Wednesday, June 27, 2007

Montana 1000km

Portland, OR to Whitefish, MT. From the time that Susan France, Portland RBA, described her plans to create a one-way 1000km brevet to Whitefish, I knew that I needed to ride it. (In the lexicon of my randonneuring obsession, "need" means that resistance to the urge would be futile.) Scheduled for the end of June, the brevet would take advantage of long daylight hours to provide ample opportunity to sample incredible scenery. Along with Paris-Brest-Paris, this would be one of the not-miss events for me in 2007.

A few weeks ago, I helped Wayne out with a control on the SIR 600km brevet. (See A Weekend Off). Greg Cox came into the control and tossed out a tantalizing suggestion: I should join him for the scouting pre-ride of the Montana 1000km a week before the event. Of course, this would be insane. Riding unsupported would only add to the challenge. Doing 1000km with only 12 days off from my planned pre-ride of the SIR 1000km brevet might be pushing it. "Don't you think you might be over-training?" asked my tolerant but concerned spouse. I tried to explain that it was not a training ride, it was a goal in itself. My teenage daughter would say "whatev", but Chris just used a look to convey the same resigned disbelief. My family has no faith in my sanity.

"Insane" translated to "need" pretty quickly, and by the next afternoon, when I saw Greg at the 600km finish, I was in.

Riding with Greg would be a blast. We met in my first season of randonneuring (1998) and we've rode many events together since. In 1999, Greg, Bill Dussler, Wayne Methner, Peter McKay, and I rode most of PBP together. At controls, we'd meet a big van with spouses Mary Cox, Bonnie Dussler, Anita McKay, and Chris Thomas, along with children Alaina Dussler, Philip Thomas, and Elena Thomas. Although Greg is a much stronger cyclist than I am, he's a great riding companion and really helped me keep going toward the end of that first 1200km. We did the Rocky Mountain 1200km together in 2002 and PBP again in 2003. We've been on numerous fleche teams together as well. Greg and I also share a similar sense of humor (tending to the sophomoric as the miles pile up), and if you're going to pedal over 600 miles, it helps to laugh.

I would need to sort out the logistics of transportation to Portland, return of rider and bike from Whitefish, and a family vacation, but those were just details. Although I'm sure easier ways exist, they didn't occur to me during the busy couple of weeks (1000km pre-ride and managing the 600/1000/400 weekend), so with inspiration from Rube Goldberg, I came up with the following. Drive from Redmond to Troutdale (start location) Friday night, drop off bike and stuff, drive to Portland airport and leave car in long term lot, take cab back to hotel, ride bike to Montana, take bike to bike shop in Whitefish to be shipped back to Redmond, fly from Whitefish to Alabama to join the family visit in progress (where I am now), fly back to Portland, pick up car, and drive home. In addition, I would rely on the US Postal Service to send stuff ahead to our overnight stop motels and to the motel in Whitefish.

We drove to Portland Thursday night, had a nice dinner at the Edgefield Lodge (start location), and prepped our bikes for an early departure. Greg's plans included a Sunday night train back from Whitefish. We pushed the start time to 4AM to give a little extra margin for him to make the train (64 hour finish instead of 63). Even 64 would be too fast for me - my previous fastest 1000km was 65:28 - but we'd figure that out later.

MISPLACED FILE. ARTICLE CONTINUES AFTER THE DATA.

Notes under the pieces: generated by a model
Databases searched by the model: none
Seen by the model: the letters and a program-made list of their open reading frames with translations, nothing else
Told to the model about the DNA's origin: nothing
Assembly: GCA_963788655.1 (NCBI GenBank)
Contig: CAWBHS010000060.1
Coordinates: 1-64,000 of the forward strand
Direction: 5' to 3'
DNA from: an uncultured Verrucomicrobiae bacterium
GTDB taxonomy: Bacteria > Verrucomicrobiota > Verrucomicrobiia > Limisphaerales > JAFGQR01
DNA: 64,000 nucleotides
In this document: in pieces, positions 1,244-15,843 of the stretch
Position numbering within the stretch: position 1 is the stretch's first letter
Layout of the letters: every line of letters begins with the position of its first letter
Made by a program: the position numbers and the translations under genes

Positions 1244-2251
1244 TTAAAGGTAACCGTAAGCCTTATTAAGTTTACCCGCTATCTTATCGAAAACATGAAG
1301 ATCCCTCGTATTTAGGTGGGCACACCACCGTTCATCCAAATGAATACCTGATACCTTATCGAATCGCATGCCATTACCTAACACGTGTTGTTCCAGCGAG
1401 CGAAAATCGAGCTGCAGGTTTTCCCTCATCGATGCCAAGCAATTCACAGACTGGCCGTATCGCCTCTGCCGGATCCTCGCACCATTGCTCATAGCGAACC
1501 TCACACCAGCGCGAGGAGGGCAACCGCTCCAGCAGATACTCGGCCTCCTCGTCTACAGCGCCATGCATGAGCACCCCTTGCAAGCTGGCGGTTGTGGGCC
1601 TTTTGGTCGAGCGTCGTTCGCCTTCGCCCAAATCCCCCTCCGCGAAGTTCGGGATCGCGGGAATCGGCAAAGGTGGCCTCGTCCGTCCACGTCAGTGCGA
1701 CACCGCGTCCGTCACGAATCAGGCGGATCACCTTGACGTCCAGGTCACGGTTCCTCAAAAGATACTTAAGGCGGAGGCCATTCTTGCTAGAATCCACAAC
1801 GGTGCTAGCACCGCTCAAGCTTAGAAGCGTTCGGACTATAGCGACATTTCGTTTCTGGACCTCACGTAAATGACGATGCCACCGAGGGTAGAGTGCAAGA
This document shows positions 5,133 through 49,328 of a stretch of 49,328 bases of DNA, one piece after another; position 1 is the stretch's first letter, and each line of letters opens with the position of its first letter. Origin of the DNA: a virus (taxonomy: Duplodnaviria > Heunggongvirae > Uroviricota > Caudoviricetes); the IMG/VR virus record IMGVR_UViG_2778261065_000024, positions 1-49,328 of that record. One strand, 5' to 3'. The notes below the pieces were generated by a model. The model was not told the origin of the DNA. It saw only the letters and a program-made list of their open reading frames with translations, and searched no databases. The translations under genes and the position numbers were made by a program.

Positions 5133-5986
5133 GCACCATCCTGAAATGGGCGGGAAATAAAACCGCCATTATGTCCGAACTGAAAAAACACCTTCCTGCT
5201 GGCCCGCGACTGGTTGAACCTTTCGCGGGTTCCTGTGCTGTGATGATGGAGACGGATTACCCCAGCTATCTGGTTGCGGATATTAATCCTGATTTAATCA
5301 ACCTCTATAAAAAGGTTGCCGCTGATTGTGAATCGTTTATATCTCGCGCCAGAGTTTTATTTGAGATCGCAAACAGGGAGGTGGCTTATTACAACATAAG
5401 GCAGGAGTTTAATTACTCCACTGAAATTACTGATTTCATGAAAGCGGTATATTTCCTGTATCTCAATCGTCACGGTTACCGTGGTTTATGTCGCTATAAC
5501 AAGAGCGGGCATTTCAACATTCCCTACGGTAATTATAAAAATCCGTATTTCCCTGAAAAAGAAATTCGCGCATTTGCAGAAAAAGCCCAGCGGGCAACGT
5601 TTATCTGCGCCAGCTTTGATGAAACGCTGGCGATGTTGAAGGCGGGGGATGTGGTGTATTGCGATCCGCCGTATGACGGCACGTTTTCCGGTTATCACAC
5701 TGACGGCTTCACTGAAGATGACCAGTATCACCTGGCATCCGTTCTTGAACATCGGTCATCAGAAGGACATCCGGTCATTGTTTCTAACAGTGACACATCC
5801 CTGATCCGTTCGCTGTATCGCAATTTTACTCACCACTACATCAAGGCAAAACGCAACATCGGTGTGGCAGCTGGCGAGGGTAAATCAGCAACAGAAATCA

After about an hour of pre-dawn riding on Saturday, we descended toward the Columbia River Gorge (past the information control at the Crown Point Vista House). The vista did not disappoint. The simply spectacular view of the gorge with the sun just starting to rise upriver marked only the beginning of the great scenery that would characterize this ride.

We passed great waterfalls on the way to our crossing of the Columbia River on the Bridge of the Gods. (We also walked our bikes down a long flight of steps, which might be a brevet first for me). The tollkeeper on the bridge waved us through without charge. Despite the warning on the cue sheet, I looked down through the steel grated bridge to the river below. Briefly.

Once on the Washington side, the route follows SR-14 for 200km along the Columbia. A beautiful stretch of road, but unlike the river, it's not flat. Here we were introduced to the tailwind that would assist us for most of the rest of the brevet. (Note to this weekend's riders: The road goes through quite a few tunnels between the bridge crossing and the US-97 intersection. I recommend leaving a taillight on for this stretch and also stopping to activate the "bikes in tunnel" warning lights.)

We fueled up at the control in Lyle and continued up the river. I insisted that we take a detour (just past the US-97 intersection) to see Stonehenge. We rode down to the bluff where early 20th century railroad executive Sam Hill built a full-scale replica of Stonehenge as a monument to WWI soldiers. It's weird and worth the short detour. We also got water and sodas at the gift shop there, which probably helped us get through the next section.

At Roosevelt, the control was at a nice little market. The lady inside signed our cards in return for us making entries in her guest book. She had realized early in her tenure there that cyclists seemed to come through often, and she started a book for their notes. (Note to this weekend's riders: Not much is available from Roosevelt to Kennewick, a distance of 120km. The cafe at Patterson 54km from Roosevelt was closed on Saturday. A short ways up from the cafe was a church with a nice hose bib on the front. We got water there after Greg observed that the spigot behind the cafe was nasty. The route sheet indicates a part with water on the right near the turn to Plymouth Road, 75km from Roosevelt. This appears to be some ways off the road. There is an RV park on the left after the turn which may have water).